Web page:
Although Adam, Eve, and a nasty serpent define images of origin in this culture, historical, mythological, and archaeological evidence indicates:
  • a male-oriented view of divinity can claim only about 5000 years of history.
  • female deities were worshipped at least 7000 bce, thousands of years before Abraham served as prophet of Yahweh, and some say as far back as 30,000 bce (based on Upper Paleolithic figurines, cave paintings, and other archaeological finds in Europe, the Middle East, and Africa).
The Goddess would have been thought of as the original creator (since this makes sense as a female role) and as patroness of sex and reproduction. These early social and religious structures, when acknowledged to have existed, have traditionally been dismissed as "fertility cults."
The serpent of Genesis was a deity in its own right, revered in the Levant for at least 7000 years before Genesis was written. Trees and gardens were involved in these early religions also, with no associations concerning guilt, sin, disobedience, or unpleasantness.

The serpent's divine association has been insistently (and hopefully) interpreted as phallic, but the serpent was revered as female in the Near and Middle East (based on Sumerian and Babylonian texts, artifacts from Crete). (Did pre-dynastic Egyptians flee to Crete in 3000 bce with their belief in the cobra goddess?)

In ancient myths, the female deity was often symbolized as a serpent or dragon. The picture of the cobra as symbol of mystic insight and wisdom is used as a hieroglyphic sign signifying goddess, and it precedes the name of any goddess in Egyptian writing.

Previous theorizing as to what happened, how did the shift to male deities occur, include the so-called "big discovery" which assumes that the ancients were in awe of reproduction (Hebrew and Aramaic terms for "magic" derive from words meaning serpent). But eventually people came to realize men's role in reproduction. Lately this theory has been seen as absurd since these same early peoples were animal breeders.

Actually, sporadic invasions from the north seem to be responsible. During the late Bronze Age and early Iron Age came the violent entry, massacres, and territorial conquests of the cattle-herding Indo-European or Indo-Aryan tribes with their own concepts of light and good vs. dark and evil, and worshipping a male storm god often conceived of as residing high on a mountain and blazing fire (volcanos?). (To some extent also, Semitic sheep-and-goat-herders from the south also invaded.)

These invaders either subjugated and suppressed, absorbed, or eliminated goddess worship. Male became valued above female, kings and priestly classes were established. In these new religions, goddesses/women were more likely to be associated with darkness/evil. Sometimes, as with the Greeks invaded by the Indo-Europeans between the 14th and 12th centuries bce (Homer's "Achaeans"), the female was symbolically included into male god myths, but as reduced and conquered. Here the patriarchal gods marry instead of exterminate the goddesses indiginous to the land they conquered.

The Hebrews retain a shady memory of the mythic battle between Yahweh and the primordial serpent, Leviathan, although this has mostly been removed from scriptures; but see Job 26:13, Psalms 104, 74. Leviathan was known in northern Canaanite texts as the foe of the storm god Baal at least as early as the 14th century bce (var. Lotan, Lawtan, and Lat = goddess in Canaanite).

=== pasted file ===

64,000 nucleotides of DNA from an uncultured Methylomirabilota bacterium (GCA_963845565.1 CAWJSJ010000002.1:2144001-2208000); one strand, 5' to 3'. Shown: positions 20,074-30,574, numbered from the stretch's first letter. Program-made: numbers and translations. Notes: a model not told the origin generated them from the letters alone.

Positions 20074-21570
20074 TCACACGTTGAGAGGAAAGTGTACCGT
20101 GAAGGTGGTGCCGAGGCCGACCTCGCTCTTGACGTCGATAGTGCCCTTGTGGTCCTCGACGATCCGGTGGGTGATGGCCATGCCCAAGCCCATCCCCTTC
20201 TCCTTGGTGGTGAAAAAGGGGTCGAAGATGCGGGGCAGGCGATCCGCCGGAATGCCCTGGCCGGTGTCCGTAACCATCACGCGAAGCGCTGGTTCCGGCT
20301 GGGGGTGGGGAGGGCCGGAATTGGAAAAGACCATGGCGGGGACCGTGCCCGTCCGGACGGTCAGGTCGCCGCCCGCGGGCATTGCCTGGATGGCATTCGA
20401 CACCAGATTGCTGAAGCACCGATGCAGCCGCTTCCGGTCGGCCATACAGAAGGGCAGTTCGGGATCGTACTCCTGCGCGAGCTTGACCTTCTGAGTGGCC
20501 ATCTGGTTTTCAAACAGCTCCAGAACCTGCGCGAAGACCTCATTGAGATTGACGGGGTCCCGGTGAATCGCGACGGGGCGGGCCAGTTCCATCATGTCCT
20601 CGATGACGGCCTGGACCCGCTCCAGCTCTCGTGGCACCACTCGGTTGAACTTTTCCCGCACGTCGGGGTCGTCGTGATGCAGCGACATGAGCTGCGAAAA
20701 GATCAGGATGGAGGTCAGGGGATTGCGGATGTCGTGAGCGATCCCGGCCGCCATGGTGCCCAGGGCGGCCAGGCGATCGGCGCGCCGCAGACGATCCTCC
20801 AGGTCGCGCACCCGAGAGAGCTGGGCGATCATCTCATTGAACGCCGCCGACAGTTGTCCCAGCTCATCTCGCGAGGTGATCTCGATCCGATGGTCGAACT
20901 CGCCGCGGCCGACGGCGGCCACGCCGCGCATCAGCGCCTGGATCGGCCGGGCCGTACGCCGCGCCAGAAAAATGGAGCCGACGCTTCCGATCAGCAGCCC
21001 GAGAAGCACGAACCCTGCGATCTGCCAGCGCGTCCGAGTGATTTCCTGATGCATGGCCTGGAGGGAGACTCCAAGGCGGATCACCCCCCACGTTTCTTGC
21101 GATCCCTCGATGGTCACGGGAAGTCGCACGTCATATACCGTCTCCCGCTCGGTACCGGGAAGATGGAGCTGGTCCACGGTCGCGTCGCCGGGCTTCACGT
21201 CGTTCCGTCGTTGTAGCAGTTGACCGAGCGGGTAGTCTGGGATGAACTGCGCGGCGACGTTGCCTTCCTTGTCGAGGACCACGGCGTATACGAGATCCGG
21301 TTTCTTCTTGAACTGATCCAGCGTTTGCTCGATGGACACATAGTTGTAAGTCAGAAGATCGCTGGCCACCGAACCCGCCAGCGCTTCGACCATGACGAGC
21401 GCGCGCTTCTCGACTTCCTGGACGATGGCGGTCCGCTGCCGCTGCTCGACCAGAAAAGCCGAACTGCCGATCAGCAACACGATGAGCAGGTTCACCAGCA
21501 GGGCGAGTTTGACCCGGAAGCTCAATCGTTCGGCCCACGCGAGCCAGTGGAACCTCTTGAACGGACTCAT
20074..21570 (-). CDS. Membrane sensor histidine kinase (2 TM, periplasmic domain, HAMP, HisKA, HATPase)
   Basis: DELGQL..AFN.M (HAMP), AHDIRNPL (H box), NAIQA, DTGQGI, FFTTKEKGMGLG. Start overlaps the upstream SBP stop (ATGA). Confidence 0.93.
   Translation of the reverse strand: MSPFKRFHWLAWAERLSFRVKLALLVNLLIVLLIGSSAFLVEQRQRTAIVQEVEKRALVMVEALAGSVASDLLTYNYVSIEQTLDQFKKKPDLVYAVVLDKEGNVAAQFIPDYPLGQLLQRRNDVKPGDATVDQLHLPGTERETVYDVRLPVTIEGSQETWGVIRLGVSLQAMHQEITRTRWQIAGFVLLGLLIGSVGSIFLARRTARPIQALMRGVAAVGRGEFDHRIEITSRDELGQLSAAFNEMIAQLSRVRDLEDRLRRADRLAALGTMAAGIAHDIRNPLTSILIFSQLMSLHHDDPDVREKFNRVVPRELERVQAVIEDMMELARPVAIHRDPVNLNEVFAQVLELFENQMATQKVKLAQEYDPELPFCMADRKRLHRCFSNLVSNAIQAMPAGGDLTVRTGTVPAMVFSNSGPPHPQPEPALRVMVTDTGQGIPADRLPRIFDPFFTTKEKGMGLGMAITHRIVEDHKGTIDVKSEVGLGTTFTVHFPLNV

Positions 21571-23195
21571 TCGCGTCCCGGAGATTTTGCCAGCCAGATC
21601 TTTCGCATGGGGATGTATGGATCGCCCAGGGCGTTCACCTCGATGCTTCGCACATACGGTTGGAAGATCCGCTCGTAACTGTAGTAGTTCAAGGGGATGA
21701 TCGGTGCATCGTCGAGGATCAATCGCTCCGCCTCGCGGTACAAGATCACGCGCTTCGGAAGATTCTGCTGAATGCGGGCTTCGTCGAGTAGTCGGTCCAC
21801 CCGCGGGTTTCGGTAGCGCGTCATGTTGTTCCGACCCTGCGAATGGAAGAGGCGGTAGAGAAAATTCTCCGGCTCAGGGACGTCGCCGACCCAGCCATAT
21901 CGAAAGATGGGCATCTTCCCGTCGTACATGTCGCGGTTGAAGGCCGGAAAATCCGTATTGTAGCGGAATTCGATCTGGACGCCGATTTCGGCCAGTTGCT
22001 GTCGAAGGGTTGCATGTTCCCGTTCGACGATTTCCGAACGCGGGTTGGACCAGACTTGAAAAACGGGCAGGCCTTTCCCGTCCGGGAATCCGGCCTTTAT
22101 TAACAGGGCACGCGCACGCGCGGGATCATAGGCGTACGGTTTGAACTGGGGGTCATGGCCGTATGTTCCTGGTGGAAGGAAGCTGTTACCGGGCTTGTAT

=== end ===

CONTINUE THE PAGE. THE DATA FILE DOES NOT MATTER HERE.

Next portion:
This mythic battle of male antropomorphic god and serpentine goddess emerges indirectly again in the Greek myth of Heracles/Hercules killing the serpent-dragon Ladon, said to be guarding a sacred fruit tree of a goddess.

Other Greek indications of cultural dominance include Athena born from the head of Zeus so that the male takes the role of creator (and Zeus is one of the few Greek gods never appearing with a snake), and Aphrodite being born from the genitals of Kronos. The Amazons are worrisome, perhaps reflecting the memory of a goddess-worshipping people who fought the initial seizure?

In Hebrew texts, Yahweh advocates the destruction of the shrines to female deities, so they did continue to exist, attract fans, and offend the Levite priests who established male authority and revised circulating creation myths. The shrines themselves probably involved a priestess who would give divine revelations of the goddess. The tree involved would probably have been a fig tree, the fig = "flesh and fluid of Hathor the goddess" in Egyptian texts, and fig leaves are mentioned in the story of Adam and Eve, displaced, with the fruit they ate unspecified. There may have been a type of communion with the goddess involved in eating the sacred fruit. The snakes involved may have been used for their bites, known in some religions to be used like sacred mushrooms -- the venom acts like an hallucinogen, yielding mystical perception changes.

Works Consulted

Campbell, Joseph. The Masks of God: Occidental Mythology. NY: Penguin, 1964. Chapters 1 &3.

Condren, Mary. The Serpent and the Goddess: Women, Religion, and Power in Celtic Ireland. San Francisco: HarperCollins, 1989.

Eisler, Riane. "Our Lost Heritage: New Facts on How God Became a Man." Writing About the World. Ed. Susan McLeod et al. Fort Worth: Harcourt Brace. 550-555.

Leeming, David, and Jake Page. Goddess: Myths of the Female Divine. NY: Oxford University Press, 1994.

Stone, Merlin. When God Was a Woman. NY: Harcourt Brace Jovanovich, Pub., 1976.

Mythology Index